If this will be your first time celebrating Christmas in Spain then it is high time to learn about the Spanish Christmas customs or traditions as they might differ from those to which you are already accustomed. Below we’ve listed some that you may just need to adopt whilst living here in Spain 🙂
Christmas eve is celebrated on December 24 and is of huge importance, it is generally a big family affair. Usually, members of the extended family gather around a feast which although differs depending on where you are in Spain will almost certainly include; jamón (Spanish ham), marisco (sea food), cordero (leg of lamb), pescado (fish) of meat, wine and all kinds of desserts
In many homes, especially ones with children, Nochebuena is a very exciting night: it’s when Papá Noel (Santa Claus) brings gifts to all the children who have been good during the year. Some regions of Spain have their own traditions: in the Basque Country, it’s Olentzero who leaves the gifts, while children from Cataluña and Aragón receive gifts from Tió de Nadal.
- Caga Tió (literally means pooping log!)
The Caga Tió – or Tió de Nadal (Christmas Log) as he is sometimes called – is a smallish wooden log, covered in a blanket and usually given a warm, smiley face. You’ll find Caga Tió for sale in Christmas markets across the two main provinces from which he originates, Catalonia and Aragon. Come Christmas time, the log is expected to ‘poop’ presents for children and their parents, much to the amusement and amazement of younger spectators.
The Spanish National Lottery is a big deal at Christmas time, and almost everyone plays it, making it the biggest lottery draw in the world. The Christmas Lottery is so big that it has been given the nickname ‘El Gordo’ or the ‘Fat One’, because of the huge amounts of cash you can win. Taking place on December 22, it has been held every year since 1812, and the winning numbers are sung out by school children.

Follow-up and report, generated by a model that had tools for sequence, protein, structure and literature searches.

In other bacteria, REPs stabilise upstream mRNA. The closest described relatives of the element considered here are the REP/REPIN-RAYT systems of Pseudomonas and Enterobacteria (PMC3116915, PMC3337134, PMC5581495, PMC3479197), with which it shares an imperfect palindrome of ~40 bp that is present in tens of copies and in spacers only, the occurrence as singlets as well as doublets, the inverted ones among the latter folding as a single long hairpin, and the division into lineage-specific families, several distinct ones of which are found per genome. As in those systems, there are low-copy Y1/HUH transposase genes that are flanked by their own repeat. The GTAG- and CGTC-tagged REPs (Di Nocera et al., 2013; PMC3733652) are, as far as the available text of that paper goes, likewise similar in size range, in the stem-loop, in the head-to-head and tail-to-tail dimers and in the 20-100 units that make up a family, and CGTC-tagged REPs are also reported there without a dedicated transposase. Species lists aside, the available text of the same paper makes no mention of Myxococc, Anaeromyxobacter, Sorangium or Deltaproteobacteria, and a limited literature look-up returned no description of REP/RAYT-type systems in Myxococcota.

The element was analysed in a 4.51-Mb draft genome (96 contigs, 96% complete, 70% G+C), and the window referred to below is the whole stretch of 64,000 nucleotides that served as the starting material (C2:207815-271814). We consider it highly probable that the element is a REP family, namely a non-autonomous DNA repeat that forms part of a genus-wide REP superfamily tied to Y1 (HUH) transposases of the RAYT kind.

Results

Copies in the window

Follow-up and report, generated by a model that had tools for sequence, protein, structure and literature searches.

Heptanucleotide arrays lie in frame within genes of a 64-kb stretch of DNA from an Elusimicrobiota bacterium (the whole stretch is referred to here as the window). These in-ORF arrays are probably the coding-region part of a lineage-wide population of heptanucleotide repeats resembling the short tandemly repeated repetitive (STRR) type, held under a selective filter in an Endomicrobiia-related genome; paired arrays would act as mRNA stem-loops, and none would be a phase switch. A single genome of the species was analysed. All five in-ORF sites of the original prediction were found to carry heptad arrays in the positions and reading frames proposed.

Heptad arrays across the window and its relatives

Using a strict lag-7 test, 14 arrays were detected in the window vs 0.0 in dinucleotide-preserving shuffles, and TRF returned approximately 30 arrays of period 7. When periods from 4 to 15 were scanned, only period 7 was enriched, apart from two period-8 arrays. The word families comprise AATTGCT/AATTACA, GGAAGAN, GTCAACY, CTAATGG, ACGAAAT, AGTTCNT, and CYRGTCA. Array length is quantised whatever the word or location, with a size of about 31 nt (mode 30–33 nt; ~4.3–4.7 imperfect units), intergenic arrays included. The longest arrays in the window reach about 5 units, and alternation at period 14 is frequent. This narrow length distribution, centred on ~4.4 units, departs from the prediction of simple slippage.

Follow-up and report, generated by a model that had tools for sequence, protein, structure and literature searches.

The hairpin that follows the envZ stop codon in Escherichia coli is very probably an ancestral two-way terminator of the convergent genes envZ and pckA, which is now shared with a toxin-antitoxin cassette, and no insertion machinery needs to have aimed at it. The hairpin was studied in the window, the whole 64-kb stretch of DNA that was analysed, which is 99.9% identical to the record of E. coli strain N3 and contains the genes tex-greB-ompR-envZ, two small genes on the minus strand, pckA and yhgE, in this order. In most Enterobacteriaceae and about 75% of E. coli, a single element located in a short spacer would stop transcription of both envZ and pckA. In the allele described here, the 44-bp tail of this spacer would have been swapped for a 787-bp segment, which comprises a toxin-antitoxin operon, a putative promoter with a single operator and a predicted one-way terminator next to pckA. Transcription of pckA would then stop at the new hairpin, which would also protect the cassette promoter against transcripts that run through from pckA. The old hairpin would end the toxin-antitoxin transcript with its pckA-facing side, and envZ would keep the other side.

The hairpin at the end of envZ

Spaniards spend the final moments before the clock strikes midnight preparing to ring in the new year. People gather in plazas or homes to eat the 12 uvas de la suerte (12 lucky grapes). For each grape, you make one wish for the new year. The goal, when the clock strikes midnight, eat each grape, one by one, in 12 seconds.
Beléns are elaborate nativity scenes – it is the Spanish word for Bethlehem. More than just a stable with animals and figurines, however, the Spanish beléns can be huge scenes, complete with many different houses, farms, rivers and marketplaces.
- Dia de los Santos Inocentes (Fool’s day)
The Spanish versión of April’s fool’s day takes place on December 28th.
- Los Reyes Magos
It’s the Three Kings (Melchior, Gaspar and Baltazar), who bring children their gifts in Spain, not Santa Claus (although he is becoming more popular now, too), and on January 6, not Christmas Day.
- Roscón de Reyes
The roscón is a sweet bread (almost like a brioche) that is baked into a circle or an oval shape. It isn’t always filled, but traditional fillings include whipped cream, chocolate cream, meringue or custard cream. It is typical to decorate the cake with colorful candied fruits, creating what looks like a king’s crown full of sparkling jewels. Bakers hide small trinkets throughout the cake, so be careful when biting into this pastry.
To really integrate with the local, it is fundamental to learn the language and to understand Spanish culture and traditions. We can help to organize classes for all of the family.
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We ensure that each step of the process is meticulously taken care of. We are experienced educational and relocation consultants who have done numerous overseas and interstate moves over the last 20 years, so we know exactly what it takes to make your move to Spain as smooth as possible.
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